Reading “The Steading Of The Hill Giant Chief” as a Modern Gamer

Original 1978 module cover for G1 - Steading of the Hill Giant Chief
Original 1978 module cover.

As I mentioned yesterday, I recently took advantage of Wizards of the Coast making a lot of old TSR content available for purchase as PDFs. I bought all seven of the GDQ series modules, which I’ve been wanting to read for years now. The set have the distinction of being voted “the single greatest adventure of all time” by Dungeon magazine back in 2004, and the arguably more awesome distinction of being listed among Stephen Colbert’s favorite memories.

I’m generally a pretty slow reader, but I’ve been using every spare moment for the last day racing through these glorious tomes. I don’t have a ton of experience with oldschool modules, but I’ve certainly found them a lot more engaging than many modern modules I’ve read. And I’m really, immensely disappointed that I don’t have any players who are anywhere near ready to run through them. My D&D&LB players are just starting to reach level 2 (lowest recommended level for these is 8). My ToKiMo  players–while closer to the appropriate level–have not been playing with the level of high-mortality that these modules demand.

Surprisingly though, my player’s level of experience is my only real concern with running these modules for a Pathfinder group. The work of modifying the adventures for a modern game is really no work at all. I had once thought, based on my experience with modules for rules heavy systems like D&D 3.5 or Pathfinder, that converting a module to a new system would be difficult. But in these adventures there are so few rules or stat blocks that there’s hardly anything to change.

Take, for example, the first of the seven modules: Steading of the Hill Giant Chief, which I purchased as part of the compilation “Against the Giants.” Along with two maps (one of the interior of the Hill Giant Stead, and one of the dungeon below it), there are 7 pages of adventure information and room descriptions, broken up by art. Based on my experience running oldschool style dungeon-crawls in Pathfinder, the content in these 7 measly pages could last for at least 2 game sessions, if not 3 or 4.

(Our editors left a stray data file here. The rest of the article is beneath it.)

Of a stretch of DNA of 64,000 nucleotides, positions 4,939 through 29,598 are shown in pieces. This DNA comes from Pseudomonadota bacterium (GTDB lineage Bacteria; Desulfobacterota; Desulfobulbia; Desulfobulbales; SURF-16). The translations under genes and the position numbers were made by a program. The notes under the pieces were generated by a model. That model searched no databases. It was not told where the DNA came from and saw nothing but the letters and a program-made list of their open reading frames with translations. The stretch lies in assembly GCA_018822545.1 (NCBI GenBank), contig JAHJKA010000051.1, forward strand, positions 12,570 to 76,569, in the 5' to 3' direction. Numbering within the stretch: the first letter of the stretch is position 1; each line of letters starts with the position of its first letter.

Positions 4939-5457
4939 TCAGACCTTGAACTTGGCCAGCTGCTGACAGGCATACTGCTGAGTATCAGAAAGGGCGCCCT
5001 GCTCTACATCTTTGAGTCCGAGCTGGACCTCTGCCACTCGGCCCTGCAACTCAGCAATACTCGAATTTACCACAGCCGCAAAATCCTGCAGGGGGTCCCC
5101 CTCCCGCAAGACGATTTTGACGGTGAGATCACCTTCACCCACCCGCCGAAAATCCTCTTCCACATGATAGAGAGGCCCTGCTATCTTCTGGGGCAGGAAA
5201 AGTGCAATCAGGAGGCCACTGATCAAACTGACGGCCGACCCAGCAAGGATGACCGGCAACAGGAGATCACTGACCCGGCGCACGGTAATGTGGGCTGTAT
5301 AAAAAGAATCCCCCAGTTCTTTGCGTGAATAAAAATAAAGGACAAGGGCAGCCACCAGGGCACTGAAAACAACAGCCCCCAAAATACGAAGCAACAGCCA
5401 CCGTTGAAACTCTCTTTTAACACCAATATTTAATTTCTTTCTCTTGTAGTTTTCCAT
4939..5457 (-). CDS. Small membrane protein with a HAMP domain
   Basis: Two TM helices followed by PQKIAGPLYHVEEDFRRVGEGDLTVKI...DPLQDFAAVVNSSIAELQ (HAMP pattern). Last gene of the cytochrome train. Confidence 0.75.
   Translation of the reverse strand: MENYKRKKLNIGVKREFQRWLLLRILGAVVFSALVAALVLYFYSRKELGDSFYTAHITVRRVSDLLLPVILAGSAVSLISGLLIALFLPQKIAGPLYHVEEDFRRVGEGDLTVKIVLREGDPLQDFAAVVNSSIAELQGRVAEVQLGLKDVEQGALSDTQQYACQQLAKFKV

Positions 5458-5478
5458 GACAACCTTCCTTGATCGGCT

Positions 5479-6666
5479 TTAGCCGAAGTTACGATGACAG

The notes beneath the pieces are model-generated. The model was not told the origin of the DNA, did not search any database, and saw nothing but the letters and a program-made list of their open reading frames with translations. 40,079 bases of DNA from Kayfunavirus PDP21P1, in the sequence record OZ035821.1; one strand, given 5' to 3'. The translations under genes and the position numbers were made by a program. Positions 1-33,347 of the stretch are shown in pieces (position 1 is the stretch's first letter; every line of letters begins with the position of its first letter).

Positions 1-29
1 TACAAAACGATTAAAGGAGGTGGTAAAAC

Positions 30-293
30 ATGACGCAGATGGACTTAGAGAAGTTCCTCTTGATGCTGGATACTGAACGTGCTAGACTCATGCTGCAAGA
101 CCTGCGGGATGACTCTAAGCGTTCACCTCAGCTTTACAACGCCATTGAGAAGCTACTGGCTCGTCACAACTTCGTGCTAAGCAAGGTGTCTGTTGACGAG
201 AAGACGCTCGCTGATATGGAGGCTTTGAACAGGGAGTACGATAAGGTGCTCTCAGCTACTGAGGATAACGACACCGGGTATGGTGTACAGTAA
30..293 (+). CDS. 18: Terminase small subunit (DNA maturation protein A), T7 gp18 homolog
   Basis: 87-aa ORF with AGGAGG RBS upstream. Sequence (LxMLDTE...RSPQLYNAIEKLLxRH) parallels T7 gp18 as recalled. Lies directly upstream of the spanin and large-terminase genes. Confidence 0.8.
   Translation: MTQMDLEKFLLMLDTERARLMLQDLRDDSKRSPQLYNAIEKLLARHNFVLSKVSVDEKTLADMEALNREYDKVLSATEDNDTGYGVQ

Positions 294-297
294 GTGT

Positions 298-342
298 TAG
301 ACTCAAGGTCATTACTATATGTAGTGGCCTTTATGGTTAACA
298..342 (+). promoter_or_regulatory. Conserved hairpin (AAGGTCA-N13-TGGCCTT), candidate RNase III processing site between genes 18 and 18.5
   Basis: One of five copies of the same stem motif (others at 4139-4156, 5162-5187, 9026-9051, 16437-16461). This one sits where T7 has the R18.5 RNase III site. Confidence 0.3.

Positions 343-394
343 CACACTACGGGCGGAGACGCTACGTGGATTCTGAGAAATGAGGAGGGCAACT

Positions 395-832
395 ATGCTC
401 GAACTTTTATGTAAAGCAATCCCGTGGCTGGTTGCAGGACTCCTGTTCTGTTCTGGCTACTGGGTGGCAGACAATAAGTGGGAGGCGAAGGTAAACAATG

Only occasionally are game rules even mentioned, and in those instances it would be the work of mere moments to update them appropriately. For example, in room 17A of the dungeon level, part of the description includes this passage:

Behind this altar is a flight of low, uneven steps which lead to an alcove with a concave back wall of purplish-black, glassy appearing substance. If any creature stands before this wall and gazes upon it for one round, a writhing amorphous form of sickly mauves and violets will be seen stretching its formless members towards the viewer. The sight causes the creature seeing it to have a 50% chance of becoming insane.”

Now, if you want, you could just play that as written. The mechanics are explained in their entirety right there on the page: a 50% chance. If you’d rather make the module consistent with Pathfinder, though, it only takes a second. 50% chance is pretty damned high, so I’d say Will Save, DC: 18.

There are no NPC stat blocks in this module, so no real work to do there. Although there are two captive NPCs in the dungeon (an elf and a dwarf) who may join the party if rescued. But since no character sheets for those characters are included anyway, it seems that even the DMs of 1978 were expected to make their own character sheets for these characters. Surely we can take a moment to do the same, right?

All of the monsters in the module are standard. At the time players were meant to look them up in the AD&D Monster Manual, and as luck would have it, all of the monsters are still around in the Pathfinder Bestiary. Watch, I’ll even do all the work for you, in order of introduction:

  • Orc, Page 222
  • Hill Giant, Page 150
  • Ogre, Page 220
  • Cloud Giant, Page 147
  • Stone Giant, Page 151
  • Cave Bear, Page 31
  • Dire Wolf, Page 278
  • Bugbear, Page 38
  • Trogdolyte, Page 267
  • Giant Lizard, Page 194
  • Carrion Crawler…okay this one isn’t in there. Most likely copyrighted by Wizards. But if you play Pathfinder, you’ve probably got a 3.5 Monster Manual handy. It’s on Page 30 of that book.
  • Manticore, Page 199

Bam. I just updated the module for you.

Of course, there are a lot of AD&D anachronisms which you’ll need to deal with. Instead of “2d6 damage,” you’ll see things like “2-12 damage.” But that’s not difficult to figure out. There are also a few instances when one monster fights “as another monster,” but that’s not difficult either. When the module says that Hill Giants fight “as ogres,” it just means that you should use the Ogre stat block for these Hill Giants, because they’re not big badasses yet. Easy peasy.

I highly recommend these modules to Pathfinder players who enjoy dungeon crawling. They’re cheap, solidly designed, and will be a very different experience from the Pathfinder modules you may be used to.